Microfinance

In 1974, an economics lecturer at the University of Chittagong, Bangladesh, lent $27 to a group of impoverished villagers. Thirty years later, the lecturer, Muhammad Yunus, won the Nobel peace prize and microfinance become the world's favourite development idea, the silver bullet that will cure world poverty and spread the wealth-creating force of capitalism across the globe. Only last month, Gordon Brown announced more money to help support microfinance institutions (MFIs) in Africa.

MicrofinanceMicrofinance has a beguiling simplicity and a record of success not just in promoting financial resilience but in achieving other social objectives – reaching the excluded, empowering women and developing the capacity of small groups of people to take control of their own lives.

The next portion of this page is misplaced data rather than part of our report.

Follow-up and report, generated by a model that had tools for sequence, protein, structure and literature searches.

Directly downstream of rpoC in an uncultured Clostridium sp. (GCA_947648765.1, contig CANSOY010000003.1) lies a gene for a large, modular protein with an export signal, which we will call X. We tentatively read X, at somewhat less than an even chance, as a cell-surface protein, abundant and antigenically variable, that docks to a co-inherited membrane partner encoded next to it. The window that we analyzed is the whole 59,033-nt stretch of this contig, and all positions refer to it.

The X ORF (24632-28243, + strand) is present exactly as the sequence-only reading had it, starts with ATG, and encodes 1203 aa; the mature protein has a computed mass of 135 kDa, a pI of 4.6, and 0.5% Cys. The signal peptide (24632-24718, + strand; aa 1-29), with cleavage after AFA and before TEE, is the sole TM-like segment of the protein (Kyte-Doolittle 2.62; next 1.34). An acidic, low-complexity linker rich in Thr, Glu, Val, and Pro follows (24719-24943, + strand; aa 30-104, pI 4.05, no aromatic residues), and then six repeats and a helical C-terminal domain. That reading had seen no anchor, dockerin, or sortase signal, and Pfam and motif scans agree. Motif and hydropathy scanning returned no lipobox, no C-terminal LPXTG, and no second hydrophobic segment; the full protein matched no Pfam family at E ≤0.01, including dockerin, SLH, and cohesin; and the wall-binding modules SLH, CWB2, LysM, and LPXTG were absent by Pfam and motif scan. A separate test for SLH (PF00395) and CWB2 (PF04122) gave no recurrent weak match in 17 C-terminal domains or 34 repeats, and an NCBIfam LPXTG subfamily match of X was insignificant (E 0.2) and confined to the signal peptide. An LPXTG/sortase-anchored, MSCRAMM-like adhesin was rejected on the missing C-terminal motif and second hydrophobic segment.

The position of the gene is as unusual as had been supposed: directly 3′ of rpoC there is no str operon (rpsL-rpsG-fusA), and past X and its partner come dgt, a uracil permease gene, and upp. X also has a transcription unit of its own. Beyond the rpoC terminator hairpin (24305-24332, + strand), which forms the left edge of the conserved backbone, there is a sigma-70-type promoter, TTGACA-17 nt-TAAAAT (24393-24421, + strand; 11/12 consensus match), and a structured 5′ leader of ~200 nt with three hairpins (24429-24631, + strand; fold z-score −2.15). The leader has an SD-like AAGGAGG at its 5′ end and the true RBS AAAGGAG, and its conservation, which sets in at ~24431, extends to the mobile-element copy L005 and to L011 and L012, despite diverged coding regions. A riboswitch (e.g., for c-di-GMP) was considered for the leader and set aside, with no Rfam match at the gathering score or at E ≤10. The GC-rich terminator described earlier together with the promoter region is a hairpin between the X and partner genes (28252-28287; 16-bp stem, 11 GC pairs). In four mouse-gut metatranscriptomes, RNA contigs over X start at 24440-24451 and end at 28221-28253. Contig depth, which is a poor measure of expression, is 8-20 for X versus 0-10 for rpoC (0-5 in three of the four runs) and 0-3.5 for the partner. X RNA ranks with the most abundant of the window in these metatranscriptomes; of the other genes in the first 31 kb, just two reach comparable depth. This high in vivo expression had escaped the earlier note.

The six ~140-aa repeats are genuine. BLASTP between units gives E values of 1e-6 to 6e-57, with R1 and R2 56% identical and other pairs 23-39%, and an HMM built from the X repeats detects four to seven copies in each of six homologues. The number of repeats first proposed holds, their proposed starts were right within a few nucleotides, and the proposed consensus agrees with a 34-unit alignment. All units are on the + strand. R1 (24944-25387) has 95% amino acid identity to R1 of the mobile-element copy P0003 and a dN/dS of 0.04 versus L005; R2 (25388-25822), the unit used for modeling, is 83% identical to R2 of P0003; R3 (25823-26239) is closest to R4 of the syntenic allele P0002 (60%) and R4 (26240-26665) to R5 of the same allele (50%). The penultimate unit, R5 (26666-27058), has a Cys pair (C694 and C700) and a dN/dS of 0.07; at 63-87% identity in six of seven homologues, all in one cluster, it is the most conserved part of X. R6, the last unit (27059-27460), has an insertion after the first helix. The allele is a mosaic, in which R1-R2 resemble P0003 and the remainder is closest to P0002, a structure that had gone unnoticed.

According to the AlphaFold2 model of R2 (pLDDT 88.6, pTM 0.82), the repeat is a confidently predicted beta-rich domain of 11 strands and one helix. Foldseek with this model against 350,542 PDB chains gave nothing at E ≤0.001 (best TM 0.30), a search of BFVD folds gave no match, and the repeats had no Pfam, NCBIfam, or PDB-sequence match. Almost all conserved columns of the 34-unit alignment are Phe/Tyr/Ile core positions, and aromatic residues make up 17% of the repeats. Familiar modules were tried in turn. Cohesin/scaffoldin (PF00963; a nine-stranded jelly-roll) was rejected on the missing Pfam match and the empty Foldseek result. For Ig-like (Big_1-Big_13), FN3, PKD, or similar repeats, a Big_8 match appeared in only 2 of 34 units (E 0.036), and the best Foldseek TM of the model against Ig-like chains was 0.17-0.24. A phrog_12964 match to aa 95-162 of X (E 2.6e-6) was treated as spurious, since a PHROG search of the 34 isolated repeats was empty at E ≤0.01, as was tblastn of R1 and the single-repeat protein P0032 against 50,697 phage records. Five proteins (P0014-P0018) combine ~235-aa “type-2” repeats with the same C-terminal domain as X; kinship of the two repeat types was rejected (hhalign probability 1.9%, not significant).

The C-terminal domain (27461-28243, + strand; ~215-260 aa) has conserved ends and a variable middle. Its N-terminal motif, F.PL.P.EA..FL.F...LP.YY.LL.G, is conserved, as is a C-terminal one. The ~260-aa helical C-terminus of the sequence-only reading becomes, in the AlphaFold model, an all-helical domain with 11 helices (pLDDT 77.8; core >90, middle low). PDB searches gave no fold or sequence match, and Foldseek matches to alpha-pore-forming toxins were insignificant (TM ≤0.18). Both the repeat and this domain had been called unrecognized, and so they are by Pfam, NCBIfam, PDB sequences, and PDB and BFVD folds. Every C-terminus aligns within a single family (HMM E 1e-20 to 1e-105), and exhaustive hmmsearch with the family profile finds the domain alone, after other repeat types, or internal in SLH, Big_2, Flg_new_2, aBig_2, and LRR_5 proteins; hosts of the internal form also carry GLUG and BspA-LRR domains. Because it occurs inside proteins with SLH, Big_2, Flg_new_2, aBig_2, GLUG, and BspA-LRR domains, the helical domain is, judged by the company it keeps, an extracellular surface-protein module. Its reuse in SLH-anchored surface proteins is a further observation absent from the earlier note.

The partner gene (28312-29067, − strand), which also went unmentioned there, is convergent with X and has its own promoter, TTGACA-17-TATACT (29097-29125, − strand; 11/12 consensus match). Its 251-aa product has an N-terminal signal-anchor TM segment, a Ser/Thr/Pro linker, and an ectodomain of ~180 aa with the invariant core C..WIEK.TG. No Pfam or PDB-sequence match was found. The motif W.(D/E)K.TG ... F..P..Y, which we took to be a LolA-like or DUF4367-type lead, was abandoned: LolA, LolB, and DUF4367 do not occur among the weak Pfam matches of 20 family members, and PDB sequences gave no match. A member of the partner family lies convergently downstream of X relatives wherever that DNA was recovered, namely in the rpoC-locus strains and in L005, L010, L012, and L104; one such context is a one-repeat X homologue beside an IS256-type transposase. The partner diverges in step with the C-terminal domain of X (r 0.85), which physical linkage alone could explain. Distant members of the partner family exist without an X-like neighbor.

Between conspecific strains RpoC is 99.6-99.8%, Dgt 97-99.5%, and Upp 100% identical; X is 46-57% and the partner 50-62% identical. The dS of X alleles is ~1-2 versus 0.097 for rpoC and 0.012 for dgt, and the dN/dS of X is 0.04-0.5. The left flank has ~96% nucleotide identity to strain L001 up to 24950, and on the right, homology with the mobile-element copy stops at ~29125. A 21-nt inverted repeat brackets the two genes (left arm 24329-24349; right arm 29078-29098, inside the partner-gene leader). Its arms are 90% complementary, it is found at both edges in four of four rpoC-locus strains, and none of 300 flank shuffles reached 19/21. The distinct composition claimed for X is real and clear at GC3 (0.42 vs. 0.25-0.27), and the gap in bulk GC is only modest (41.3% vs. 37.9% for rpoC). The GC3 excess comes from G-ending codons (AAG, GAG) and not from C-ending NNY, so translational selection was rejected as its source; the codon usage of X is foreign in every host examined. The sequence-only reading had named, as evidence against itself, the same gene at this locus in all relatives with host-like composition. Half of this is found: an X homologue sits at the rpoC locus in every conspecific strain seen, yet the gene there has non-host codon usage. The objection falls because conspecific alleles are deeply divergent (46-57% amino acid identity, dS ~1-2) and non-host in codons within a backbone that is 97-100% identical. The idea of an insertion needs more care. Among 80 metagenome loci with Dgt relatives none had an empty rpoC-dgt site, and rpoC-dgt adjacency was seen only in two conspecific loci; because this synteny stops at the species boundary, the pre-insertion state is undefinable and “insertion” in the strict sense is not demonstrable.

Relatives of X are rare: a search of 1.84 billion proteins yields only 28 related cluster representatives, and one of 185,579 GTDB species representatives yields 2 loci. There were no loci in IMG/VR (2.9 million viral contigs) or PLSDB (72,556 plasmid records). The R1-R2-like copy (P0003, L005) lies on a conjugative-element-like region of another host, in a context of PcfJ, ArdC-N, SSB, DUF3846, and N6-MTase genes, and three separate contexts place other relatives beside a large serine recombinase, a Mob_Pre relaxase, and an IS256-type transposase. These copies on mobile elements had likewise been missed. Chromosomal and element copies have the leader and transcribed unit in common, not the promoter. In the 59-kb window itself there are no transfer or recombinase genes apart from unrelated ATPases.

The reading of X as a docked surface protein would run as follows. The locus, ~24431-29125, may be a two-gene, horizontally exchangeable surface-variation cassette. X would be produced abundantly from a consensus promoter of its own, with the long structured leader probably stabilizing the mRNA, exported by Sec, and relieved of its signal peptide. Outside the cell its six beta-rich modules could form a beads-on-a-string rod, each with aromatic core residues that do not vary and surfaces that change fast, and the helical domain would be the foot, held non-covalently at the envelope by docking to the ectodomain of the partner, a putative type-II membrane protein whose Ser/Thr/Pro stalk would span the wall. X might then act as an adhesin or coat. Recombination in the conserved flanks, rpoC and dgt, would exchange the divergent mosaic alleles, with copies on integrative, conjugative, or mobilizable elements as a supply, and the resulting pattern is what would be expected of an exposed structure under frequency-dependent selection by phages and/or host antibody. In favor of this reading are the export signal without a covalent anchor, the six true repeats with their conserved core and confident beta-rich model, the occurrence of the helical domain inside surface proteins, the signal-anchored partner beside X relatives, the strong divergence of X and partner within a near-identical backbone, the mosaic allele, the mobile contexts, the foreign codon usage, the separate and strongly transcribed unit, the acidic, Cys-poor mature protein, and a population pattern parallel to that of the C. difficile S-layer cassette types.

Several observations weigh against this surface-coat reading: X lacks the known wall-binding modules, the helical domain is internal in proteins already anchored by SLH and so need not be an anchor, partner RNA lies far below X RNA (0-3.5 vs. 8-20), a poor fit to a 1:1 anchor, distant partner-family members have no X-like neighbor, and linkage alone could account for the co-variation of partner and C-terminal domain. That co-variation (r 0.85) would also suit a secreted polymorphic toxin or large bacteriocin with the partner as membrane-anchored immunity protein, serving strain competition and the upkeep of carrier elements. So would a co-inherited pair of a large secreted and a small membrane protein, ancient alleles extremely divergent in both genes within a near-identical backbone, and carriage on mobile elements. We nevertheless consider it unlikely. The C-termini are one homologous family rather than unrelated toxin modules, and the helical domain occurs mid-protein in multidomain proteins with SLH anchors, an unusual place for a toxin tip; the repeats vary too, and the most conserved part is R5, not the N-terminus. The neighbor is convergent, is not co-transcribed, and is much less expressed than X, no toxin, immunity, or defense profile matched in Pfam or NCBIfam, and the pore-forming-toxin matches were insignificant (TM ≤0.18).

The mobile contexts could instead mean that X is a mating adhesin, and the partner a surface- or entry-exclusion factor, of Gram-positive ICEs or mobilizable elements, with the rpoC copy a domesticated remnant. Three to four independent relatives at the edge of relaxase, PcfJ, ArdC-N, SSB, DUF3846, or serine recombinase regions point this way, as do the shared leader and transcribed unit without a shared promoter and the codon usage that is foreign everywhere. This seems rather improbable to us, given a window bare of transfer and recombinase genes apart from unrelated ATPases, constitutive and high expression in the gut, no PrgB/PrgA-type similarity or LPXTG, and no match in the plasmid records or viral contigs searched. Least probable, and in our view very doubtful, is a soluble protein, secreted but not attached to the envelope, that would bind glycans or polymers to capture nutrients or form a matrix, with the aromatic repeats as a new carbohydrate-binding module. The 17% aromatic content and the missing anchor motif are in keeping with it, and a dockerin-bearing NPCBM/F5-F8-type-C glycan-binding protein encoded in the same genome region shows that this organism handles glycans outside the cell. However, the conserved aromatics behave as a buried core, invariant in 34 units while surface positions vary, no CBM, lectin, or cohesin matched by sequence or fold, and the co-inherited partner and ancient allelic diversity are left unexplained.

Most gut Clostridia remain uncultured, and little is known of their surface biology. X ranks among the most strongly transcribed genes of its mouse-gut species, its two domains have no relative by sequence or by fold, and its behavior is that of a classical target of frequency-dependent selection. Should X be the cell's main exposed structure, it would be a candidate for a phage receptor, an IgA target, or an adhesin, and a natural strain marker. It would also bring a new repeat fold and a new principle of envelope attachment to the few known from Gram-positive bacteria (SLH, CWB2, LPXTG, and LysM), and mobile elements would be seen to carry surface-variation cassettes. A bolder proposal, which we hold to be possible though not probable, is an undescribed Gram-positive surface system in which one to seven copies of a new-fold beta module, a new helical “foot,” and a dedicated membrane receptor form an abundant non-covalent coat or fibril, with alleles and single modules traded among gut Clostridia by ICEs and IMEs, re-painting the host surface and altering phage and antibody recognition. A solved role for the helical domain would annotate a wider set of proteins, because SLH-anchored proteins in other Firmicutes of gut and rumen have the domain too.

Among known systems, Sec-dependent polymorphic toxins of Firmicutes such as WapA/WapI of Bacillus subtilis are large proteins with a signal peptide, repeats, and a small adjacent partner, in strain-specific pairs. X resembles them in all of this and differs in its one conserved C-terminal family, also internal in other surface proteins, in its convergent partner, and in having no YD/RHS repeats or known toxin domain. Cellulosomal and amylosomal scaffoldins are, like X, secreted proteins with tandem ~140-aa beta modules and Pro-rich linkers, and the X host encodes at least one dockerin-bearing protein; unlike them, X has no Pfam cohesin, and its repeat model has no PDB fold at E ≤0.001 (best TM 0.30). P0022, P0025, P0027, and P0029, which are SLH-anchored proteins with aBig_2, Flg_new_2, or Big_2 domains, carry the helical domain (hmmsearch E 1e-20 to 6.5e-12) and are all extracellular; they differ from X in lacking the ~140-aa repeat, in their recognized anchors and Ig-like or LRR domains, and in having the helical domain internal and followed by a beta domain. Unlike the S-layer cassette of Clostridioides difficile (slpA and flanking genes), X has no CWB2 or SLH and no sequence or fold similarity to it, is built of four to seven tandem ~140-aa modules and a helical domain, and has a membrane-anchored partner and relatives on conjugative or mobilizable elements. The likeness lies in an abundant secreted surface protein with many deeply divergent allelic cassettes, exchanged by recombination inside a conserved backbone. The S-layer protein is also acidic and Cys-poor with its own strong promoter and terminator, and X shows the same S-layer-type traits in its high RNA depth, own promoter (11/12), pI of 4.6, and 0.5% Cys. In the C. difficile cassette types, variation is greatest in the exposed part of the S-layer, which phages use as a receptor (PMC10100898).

Muhammud Yunus founded his Grameen Bank in 1983 to make very small loans – perhaps £15 a time – to the poor and uncreditworthy. Since then it has loaned about £3 billion to more than six million of the very poorest in Bangladesh and across the Asian sub-continent, yet it remains entirely self-financing. Borrowers' deposits cover the costs.

Private-sector investors increasingly appreciate microfinance investments for their dual nature: First, they allow investors to adopt a social investment strategy geared toward poverty alleviation and social development in developing countries. Second, they simultaneously offer an attractive risk-return profile that is marked by largely stable financial returns, low credit default rates and low correlation to the mainstream financial assets as well as the general domestic economy. Some evidence even indicates that microfinance investments might be conducive to the efficient portfolio diversification.


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